Magnesium alloy AZ91 is one of the best suited biodegradable biomaterials for bioimplants. Magnesium is a highly active metal with accelerated corrosion in physiological environments. AZ91 alloy has two distinct phases in the matrix, which form galvanic couple inducing micro galvanic corrosion (primary phase anodic with respect to the secondary phase) in the alloy. However, the corrosion rate could be controlled by tailoring the microstructure of the alloy. The distribution and dispersion of secondary phase particles greatly influence the corrosion rate of the material. A numerical model was developed using Comsol Multiphysics® to study the effect of distribution of secondary phase on the corrosion rate of the alloy. The average anodic current density was found to be higher for AZ91 with continuous network secondary phase microstructural configuration. The average anodic corrosion current and the corrosion rate were found to be lower for AZ91 with dispersed secondary phase microstructural configuration. The numerical modelling results were found to be consistent with the experimental results available in the literature.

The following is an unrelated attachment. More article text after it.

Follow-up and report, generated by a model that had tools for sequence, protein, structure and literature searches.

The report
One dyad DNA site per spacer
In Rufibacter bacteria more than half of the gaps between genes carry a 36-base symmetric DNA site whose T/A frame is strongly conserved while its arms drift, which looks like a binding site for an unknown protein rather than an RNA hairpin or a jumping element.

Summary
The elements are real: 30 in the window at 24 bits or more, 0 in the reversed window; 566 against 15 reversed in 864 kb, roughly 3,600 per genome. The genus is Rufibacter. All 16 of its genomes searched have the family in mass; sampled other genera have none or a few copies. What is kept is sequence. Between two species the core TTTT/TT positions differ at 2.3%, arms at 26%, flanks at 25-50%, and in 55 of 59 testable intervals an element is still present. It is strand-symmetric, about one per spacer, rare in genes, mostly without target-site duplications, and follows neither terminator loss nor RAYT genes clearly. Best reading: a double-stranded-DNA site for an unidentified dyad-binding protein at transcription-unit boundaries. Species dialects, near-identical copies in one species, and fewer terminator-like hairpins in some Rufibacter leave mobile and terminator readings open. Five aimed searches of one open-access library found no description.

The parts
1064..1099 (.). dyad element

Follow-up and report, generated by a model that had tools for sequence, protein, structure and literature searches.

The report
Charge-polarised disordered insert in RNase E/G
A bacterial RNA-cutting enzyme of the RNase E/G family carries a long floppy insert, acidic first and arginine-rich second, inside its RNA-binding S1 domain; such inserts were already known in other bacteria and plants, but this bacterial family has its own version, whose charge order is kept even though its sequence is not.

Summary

Vaira Vignesh R. and Dr. Padmanaban R., “Modelling Corrosion Phenomenon of Magnesium Alloy AZ91 in Simulated Body Fluids”, in Advances in Mathematical Methods and High Performance Computing, vol. 41, V. K. Singh, Gao, D., and Fischer, A., Eds. Cham: Springer International Publishing, 2019, pp. 471–486.